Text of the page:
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1/1/2022

2021: A Song of Floods & Fires

Stephanie Berkhout
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Typically, one considers “breaking a record” an achievement and a measure of success. However, this past year hosted several record-breaking events and presented a slew of unprecedented challenges. In the summer, we were met with high temperature extremes, and in November 2021, we took on historical amounts of water due to heavy rainfall and experienced catastrophic flooding, mudslides and washouts. I’d be remiss if I didn’t take this opportunity to share.

Pictured: Flooding in Abbotsford, British Columbia‚ in November 2021, not too far from Qualitree’s Chilliwack location. (EB Adventure Photography / Shutterstock.com)

The Sumas Prairie in the Abbotsford region is an agricultural hub of British Columbia. Abbotsford broke a record with 540 millimeters (21 in.) of rain over the single month of November. To put that in perspective, the average annual rainfall for Abbotsford over the last several years is 1,300 mm (51 in.). Additionally, a large percentage of that came down over several days. The term we learned was “atmospheric river.” According to the BC Minister of Agriculture, over 640,000 animals were lost in the flood and many fields of vegetable and fruit crops. It remains to be seen what impacts the putrid water will have had on the soil.

Sumas is one example of many; multiple cities across BC were impacted directly or indirectly by the flood waters and associated events. Mudslides took out hillsides, roads and homes. Portions of highways were simply deleted. For a time, there was no access in or out of Chilliwack, my hometown and location of Qualitree.

In perspective, we were fortunate. In our neck of Chilliwack, we experienced flooded fields and ditches. Some fields of container trees at Qualitree got a bit of float time, and at one point, one of our section growers had to visit an off-site rental location via a rowboat. While that period was brief and minimal in the grand scheme of things, the indirect effects of the flooding impacted us most.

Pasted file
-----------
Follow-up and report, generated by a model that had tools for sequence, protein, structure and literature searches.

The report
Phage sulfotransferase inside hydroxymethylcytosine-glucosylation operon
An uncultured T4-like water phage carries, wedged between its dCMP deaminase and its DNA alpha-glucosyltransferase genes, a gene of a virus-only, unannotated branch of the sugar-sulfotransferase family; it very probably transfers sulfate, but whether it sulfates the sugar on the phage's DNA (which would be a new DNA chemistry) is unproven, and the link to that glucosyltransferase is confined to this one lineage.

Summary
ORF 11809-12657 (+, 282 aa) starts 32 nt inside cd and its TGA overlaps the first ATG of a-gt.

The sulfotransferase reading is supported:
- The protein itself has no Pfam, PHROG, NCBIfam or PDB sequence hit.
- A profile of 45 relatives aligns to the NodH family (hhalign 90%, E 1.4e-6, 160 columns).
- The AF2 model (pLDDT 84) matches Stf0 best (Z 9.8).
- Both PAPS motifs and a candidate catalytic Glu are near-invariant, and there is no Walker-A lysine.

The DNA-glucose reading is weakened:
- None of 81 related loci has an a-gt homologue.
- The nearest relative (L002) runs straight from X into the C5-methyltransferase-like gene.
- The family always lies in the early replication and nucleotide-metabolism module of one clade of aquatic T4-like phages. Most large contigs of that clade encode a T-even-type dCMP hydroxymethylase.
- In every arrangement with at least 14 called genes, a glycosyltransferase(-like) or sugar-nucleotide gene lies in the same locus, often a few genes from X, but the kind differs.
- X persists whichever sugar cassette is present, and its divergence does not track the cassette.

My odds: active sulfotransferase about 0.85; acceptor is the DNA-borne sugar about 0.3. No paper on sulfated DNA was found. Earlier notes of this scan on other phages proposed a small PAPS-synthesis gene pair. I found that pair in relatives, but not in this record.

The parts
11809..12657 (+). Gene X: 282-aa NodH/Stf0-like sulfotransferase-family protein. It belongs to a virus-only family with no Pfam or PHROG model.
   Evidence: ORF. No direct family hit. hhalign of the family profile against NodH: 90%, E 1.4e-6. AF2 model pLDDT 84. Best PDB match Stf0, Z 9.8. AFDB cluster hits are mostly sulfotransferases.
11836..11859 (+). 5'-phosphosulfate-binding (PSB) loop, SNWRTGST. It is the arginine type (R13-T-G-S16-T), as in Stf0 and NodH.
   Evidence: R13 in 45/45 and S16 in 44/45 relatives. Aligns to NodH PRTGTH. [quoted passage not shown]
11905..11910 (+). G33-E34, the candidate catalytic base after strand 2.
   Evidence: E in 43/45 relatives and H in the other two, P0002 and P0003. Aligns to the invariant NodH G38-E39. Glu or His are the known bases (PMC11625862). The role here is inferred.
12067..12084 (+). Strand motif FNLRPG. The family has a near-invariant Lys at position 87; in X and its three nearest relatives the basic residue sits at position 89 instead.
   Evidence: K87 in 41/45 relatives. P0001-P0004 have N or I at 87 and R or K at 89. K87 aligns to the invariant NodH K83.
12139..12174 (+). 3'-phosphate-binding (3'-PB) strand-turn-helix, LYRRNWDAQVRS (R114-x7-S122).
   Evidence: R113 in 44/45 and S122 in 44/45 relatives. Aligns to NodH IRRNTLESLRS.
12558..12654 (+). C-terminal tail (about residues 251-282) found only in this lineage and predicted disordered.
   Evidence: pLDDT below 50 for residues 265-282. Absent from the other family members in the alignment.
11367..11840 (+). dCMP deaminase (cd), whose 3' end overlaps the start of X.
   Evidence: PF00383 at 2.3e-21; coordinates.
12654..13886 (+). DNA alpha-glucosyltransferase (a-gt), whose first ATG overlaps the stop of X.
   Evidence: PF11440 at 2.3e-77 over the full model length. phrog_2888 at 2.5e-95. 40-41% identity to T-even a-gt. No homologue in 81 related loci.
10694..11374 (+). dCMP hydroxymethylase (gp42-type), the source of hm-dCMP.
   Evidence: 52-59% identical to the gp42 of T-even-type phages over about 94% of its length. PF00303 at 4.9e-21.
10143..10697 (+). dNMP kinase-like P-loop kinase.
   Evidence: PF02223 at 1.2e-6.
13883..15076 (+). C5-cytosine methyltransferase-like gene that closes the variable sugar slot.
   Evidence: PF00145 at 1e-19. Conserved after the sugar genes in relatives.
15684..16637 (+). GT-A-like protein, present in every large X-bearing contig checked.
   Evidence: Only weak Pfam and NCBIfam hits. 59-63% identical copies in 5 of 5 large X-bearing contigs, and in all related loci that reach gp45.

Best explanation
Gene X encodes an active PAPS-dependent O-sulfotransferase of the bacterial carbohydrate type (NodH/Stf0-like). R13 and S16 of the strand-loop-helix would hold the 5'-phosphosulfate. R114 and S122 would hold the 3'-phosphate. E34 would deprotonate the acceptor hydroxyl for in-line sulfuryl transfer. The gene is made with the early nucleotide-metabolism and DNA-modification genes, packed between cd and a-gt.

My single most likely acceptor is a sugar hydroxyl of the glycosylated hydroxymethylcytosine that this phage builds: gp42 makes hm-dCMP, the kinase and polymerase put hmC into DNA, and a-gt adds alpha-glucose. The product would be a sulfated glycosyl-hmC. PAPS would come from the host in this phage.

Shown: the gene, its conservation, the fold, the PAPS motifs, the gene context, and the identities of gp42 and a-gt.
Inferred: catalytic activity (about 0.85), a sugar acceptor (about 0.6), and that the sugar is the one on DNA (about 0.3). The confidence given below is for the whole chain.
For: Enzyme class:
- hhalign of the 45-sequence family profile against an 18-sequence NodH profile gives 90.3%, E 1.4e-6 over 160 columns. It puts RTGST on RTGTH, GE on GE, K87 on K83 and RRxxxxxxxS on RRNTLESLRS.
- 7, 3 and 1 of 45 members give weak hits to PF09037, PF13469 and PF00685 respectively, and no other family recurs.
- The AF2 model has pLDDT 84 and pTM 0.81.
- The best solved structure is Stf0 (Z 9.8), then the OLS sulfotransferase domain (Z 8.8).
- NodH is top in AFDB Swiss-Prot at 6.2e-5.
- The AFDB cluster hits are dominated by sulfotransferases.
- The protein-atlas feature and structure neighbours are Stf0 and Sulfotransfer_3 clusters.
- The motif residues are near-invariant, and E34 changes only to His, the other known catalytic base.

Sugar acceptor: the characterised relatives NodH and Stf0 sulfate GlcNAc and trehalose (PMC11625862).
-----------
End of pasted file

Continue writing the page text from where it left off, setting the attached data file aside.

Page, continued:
With the flooding and washouts of highways, interprovincial access was shattered in various places at various times. We couldn’t plan properly for orders—loads halfway through being picked ended up being halted due to road conditions. With that, in some cases we were incapable of shipping products out in time for some holiday deadlines and lost out on sales opportunities. Retail customers on the other side of the continent don’t necessarily know or care about what isn’t at the store yet, so through the chain, hands were tied regarding product delays.

Our shipping costs went through the roof, and in some instances, nearly quadrupled. Our operations team would go from 0 to 100, as we weathered between storms and the ensuing road openings and closures. Additionally, limited access to labor meant that our busiest propagation season would experience delays. Contingency plans regarding crop cycles were discussed and prioritized.

Still, the issues we faced at Qualitree were mere inconveniences in comparison to the destruction of entire communities and infrastructure across our province. Despite this, it was heartening to see the amount of volunteers and camaraderie in the community: housing displaced persons and animals, sandbagging efforts, boat and air travel coordinated for medical access and to get people home. And, as the water recedes, volunteers continue to step in for cleanup. I was also reminded that our horticulture industry as a community is close-knit. The outreach from suppliers, customers and colleagues was incredible. I am continuously reminded why I’m thankful to work in this industry.

As the province puts away the hip waders, it’s hard to believe that half a year ago we were faced with extreme heat waves. Some crops on the nursery today survived both the 43C (109F) summer heat and a swim through recent flood waters. It’s taught us to document our reactions to these events and consider how to mitigate risk better for the future. What’s the priority if we’re short-staffed? What are we doing to protect crops from high-stress events and are there better strategies?

Ultimately, what do we learn from this and how will we improve?

After the events of the last two years, I’m setting my sights on a well-prepared 2022. Thank you, GrowerTalks, for having me in the pages this past year and thanks to the readers who would lend a few minutes out of their busy day. I hope you all have a wonderful winter season, and wish you all a new year rich in happiness and success. Onward and upward! GT


Stephanie Berkhout is Indoor Spaces Lead Grower for Qualitree Propagators in Rosedale, British Columbia, Canada.

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